Army calls on VOIP to place all base's messages on one system

Army calls on VOIP to place all base's messages on one system


Thousands of soldiers stationed at Picatinny Arsenal in New Jersey will be able to get a lot more use out of their telephones when the Army upgrades the base's ancient system with about 500 IP phones.

Workers such
as network manager Bob F. Donnelly and VOIP manager Jackie Barnum can get fax, voice mail
and e-mail messages over the phone on the Picatinny Arse-nal's new voice over IP system.
The base, which has been around since the Civil War, recently began rolling out a unified messaging system developed by Cisco Systems Inc. of San Jose, Calif.

Using Cisco Unity software, users can talk over a common IP network on Cisco's Architecture for Voice, Video and Integrated Data. The technology lets soldiers access their voice mail, e-mail and fax messages all in one mailbox, said Bob F. Donnelly, network manager at Picatinny.

The architecture also employs videoconferencing equipment'a selling point, Donnelly said, since the base has been using desktop PC videoconferencing for the last five years.

The multiservice networking is a standards-based, open-system architecture that uses multiprotocol routers and multilayer LAN switches to let soldiers retrieve messages either on the Internet or by using an analog phone.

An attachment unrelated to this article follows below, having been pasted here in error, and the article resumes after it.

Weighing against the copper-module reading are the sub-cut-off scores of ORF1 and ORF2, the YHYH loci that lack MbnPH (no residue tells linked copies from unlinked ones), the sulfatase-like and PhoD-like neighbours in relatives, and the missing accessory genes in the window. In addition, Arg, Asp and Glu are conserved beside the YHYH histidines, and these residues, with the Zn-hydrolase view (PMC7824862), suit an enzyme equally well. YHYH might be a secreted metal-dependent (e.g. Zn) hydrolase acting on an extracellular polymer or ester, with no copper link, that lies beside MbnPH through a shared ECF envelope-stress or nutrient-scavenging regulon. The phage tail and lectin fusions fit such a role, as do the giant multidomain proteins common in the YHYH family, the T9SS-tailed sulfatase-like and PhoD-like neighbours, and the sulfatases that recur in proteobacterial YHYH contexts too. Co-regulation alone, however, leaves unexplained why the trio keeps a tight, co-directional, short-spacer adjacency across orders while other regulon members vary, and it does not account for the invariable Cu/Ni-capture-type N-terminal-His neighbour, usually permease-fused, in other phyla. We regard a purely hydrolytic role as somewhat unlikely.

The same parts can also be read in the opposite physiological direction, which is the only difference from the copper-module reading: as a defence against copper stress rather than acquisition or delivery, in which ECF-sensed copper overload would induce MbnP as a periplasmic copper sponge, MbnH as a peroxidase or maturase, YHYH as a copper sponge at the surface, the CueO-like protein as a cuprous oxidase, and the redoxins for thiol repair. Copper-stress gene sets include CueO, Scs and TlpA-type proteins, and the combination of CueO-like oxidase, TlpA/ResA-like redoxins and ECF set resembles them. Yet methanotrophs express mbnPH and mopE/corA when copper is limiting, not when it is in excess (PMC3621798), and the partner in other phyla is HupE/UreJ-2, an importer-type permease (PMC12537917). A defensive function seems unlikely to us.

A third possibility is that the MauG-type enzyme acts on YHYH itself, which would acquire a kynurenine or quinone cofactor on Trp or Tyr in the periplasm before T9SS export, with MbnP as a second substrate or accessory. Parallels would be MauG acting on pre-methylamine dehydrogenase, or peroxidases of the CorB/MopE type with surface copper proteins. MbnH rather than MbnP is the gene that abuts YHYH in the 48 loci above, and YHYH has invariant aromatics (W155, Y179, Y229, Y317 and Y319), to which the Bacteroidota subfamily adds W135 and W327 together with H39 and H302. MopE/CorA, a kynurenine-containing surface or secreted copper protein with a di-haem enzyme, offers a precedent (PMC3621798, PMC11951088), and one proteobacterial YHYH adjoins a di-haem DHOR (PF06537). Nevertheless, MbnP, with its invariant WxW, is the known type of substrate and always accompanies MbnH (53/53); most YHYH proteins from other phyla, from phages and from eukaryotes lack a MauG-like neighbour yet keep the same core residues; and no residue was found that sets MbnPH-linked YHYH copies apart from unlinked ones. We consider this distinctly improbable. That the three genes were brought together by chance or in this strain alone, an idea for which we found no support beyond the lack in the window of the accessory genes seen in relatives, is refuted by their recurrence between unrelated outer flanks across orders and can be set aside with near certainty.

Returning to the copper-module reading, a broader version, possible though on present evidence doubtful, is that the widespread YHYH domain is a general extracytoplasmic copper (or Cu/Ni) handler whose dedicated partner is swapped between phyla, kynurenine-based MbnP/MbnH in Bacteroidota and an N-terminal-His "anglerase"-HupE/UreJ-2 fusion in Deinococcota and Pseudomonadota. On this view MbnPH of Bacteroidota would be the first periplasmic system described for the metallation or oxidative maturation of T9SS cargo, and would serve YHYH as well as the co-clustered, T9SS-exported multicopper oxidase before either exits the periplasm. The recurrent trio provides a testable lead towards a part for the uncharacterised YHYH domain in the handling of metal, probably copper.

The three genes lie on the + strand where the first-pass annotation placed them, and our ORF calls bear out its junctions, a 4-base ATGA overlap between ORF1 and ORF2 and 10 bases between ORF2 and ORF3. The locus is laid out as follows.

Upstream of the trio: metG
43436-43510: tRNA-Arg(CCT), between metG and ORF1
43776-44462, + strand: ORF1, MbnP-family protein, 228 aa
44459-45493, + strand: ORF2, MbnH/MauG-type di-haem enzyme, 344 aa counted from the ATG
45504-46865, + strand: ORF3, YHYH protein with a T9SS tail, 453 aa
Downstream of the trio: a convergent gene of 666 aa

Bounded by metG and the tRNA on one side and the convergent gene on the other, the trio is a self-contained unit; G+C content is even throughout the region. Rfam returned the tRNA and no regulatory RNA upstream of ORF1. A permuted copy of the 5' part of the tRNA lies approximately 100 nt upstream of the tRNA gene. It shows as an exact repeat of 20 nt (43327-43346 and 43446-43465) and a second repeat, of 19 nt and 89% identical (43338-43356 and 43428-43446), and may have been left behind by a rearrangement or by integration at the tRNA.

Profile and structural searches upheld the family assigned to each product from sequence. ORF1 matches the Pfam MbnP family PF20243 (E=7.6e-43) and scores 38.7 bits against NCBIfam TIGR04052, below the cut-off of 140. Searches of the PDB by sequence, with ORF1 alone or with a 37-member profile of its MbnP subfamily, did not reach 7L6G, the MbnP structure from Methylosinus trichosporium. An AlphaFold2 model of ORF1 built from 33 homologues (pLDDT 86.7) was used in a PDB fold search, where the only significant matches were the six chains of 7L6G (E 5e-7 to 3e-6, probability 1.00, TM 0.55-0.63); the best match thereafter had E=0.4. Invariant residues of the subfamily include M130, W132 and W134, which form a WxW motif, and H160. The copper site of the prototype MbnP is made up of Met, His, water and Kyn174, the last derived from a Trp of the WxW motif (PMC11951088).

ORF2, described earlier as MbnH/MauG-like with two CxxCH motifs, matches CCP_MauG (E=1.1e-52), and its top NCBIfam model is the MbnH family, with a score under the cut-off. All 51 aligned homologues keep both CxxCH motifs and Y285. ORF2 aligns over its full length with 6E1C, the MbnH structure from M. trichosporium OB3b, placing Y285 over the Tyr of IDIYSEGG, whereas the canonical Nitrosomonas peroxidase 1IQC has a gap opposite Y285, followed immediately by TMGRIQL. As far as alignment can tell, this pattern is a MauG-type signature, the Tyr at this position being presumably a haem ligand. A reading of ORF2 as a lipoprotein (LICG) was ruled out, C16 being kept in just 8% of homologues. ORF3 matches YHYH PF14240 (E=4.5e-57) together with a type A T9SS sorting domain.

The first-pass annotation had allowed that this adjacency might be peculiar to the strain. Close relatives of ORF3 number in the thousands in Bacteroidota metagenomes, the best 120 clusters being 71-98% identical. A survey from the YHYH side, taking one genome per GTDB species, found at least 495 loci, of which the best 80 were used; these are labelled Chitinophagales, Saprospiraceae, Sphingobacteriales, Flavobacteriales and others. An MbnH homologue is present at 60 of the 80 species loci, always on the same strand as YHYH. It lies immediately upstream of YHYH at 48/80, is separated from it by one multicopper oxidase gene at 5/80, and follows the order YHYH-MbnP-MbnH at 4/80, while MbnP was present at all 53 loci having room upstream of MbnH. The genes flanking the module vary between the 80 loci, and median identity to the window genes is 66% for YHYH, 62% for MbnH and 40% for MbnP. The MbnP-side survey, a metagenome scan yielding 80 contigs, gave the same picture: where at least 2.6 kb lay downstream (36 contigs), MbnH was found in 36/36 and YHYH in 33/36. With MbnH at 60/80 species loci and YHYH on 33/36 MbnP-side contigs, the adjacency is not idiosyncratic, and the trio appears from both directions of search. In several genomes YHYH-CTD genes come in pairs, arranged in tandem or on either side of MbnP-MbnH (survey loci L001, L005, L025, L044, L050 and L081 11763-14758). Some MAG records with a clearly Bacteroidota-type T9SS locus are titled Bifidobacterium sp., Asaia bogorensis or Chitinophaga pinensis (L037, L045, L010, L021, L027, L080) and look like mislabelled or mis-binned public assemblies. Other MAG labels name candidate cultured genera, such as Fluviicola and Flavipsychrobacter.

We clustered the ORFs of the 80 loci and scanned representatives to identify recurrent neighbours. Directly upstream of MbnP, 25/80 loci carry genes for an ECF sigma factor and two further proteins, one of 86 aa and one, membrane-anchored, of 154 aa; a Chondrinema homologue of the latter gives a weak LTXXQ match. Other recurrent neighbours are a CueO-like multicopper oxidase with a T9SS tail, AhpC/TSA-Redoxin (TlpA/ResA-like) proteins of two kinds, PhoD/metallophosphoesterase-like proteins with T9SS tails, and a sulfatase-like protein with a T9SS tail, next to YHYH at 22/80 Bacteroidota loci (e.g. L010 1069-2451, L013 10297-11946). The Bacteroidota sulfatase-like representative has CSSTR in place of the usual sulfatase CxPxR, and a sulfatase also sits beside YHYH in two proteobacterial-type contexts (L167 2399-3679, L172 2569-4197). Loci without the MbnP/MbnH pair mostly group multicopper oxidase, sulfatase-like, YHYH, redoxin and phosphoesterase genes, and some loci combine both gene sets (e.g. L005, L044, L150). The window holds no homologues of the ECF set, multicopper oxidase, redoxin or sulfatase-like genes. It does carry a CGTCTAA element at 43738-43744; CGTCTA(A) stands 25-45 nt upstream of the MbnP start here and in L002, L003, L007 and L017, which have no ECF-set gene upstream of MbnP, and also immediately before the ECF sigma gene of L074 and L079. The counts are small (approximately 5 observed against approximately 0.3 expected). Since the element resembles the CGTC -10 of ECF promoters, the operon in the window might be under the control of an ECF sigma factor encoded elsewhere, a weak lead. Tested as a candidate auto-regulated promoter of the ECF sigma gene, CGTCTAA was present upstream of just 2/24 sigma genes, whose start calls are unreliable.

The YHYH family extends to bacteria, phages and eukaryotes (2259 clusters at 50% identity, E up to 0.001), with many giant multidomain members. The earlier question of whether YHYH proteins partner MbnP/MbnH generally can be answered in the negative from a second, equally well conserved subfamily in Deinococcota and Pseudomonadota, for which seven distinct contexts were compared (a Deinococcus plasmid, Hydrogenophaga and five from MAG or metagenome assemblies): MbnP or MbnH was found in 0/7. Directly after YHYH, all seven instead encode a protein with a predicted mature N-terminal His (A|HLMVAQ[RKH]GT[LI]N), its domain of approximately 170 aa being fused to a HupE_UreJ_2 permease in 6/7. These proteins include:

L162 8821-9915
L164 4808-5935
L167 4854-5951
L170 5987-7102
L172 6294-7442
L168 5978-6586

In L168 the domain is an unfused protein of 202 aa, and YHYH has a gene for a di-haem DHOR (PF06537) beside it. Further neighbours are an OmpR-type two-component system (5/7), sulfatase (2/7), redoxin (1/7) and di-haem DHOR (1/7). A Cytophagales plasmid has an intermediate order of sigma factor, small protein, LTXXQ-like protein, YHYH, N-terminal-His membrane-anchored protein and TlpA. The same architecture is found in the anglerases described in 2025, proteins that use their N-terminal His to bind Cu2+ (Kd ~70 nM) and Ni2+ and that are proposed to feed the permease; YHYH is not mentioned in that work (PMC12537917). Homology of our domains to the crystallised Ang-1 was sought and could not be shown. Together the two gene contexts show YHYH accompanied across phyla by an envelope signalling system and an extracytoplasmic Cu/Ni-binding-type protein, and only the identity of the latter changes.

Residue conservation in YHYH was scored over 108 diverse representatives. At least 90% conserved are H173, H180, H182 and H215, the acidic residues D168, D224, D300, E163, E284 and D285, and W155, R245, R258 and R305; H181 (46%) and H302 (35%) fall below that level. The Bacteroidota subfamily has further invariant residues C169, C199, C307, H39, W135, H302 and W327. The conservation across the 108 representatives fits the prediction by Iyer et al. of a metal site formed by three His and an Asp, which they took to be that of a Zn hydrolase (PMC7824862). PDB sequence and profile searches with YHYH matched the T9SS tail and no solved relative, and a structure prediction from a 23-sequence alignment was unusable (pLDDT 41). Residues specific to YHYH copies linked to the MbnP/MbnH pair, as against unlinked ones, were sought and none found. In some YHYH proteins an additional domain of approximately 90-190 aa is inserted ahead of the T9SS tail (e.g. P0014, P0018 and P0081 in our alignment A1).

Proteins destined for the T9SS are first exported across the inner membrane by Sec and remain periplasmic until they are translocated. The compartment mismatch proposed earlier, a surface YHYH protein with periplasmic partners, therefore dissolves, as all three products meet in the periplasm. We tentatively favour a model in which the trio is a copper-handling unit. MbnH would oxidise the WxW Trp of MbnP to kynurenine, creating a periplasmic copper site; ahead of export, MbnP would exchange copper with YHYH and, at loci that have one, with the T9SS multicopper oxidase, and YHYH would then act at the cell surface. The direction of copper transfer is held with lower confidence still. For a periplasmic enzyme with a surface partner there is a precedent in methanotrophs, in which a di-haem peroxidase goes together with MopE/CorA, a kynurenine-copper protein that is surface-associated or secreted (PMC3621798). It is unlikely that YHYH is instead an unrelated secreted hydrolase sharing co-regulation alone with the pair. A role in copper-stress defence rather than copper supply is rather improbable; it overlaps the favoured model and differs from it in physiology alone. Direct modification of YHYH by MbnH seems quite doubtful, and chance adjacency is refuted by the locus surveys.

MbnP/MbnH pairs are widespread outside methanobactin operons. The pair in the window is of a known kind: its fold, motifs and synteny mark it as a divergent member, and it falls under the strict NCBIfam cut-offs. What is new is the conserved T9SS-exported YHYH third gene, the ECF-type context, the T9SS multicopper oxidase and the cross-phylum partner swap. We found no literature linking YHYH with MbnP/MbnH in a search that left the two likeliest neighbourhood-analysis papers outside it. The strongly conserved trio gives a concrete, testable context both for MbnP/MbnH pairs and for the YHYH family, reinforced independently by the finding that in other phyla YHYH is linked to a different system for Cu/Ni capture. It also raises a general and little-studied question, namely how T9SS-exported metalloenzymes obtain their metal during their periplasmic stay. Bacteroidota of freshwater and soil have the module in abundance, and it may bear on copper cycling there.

Message on the road

A voice mail message stored as a WAV file can be downloaded as an e-mail attachment while soldiers are traveling, said Stephen Orr, systems engineer at Cisco Systems' Defense Department East Army Division in New York. And e-mail can be retrieved via a telephony user interface and transfigured from text to speech using a cellular phone.

'When they check their voice mail, they can do it through a Web interface,' said Orr, who added that Cisco Systems is helping Picatinny add other functions to its current system.

The base, which employs more than 3,000 workers, including a large percentage of systems engineers and logistics support staff, will save money and time by running only one network instead of two, Donnelly said.

Base officials started looking at voice over IP technology because many of the old copper phone cables were going bad, he said.

Worth the switch

In fact, it would have cost the Army more to upgrade its old government proprietary phone switch than to roll over to the voice over IP system, Orr said. Cisco's IP phones cost $600 each. 'This is leveraging your information technology network,' Donnelly said.

The base is going from asynchronous transfer mode to Gigabit Ethernet using Cisco 6509 and 4006 switches. A Cisco 3524-PWR-XL switch provides in-line power to the VOIP phones.

'They're doing controlled deployment,' Orr said. 'They're migrating the employees over, from an analog phone to IP phone. It's kind of a transition period. Their goal is to turn the entire base over to voice over IP within the next two years.'

The current network design is a fully meshed Cisco ATM core. The distribution layer is a mix of 5500 and 2924 switches providing 10/100-Mbps service to the desktop PCs, Orr said.


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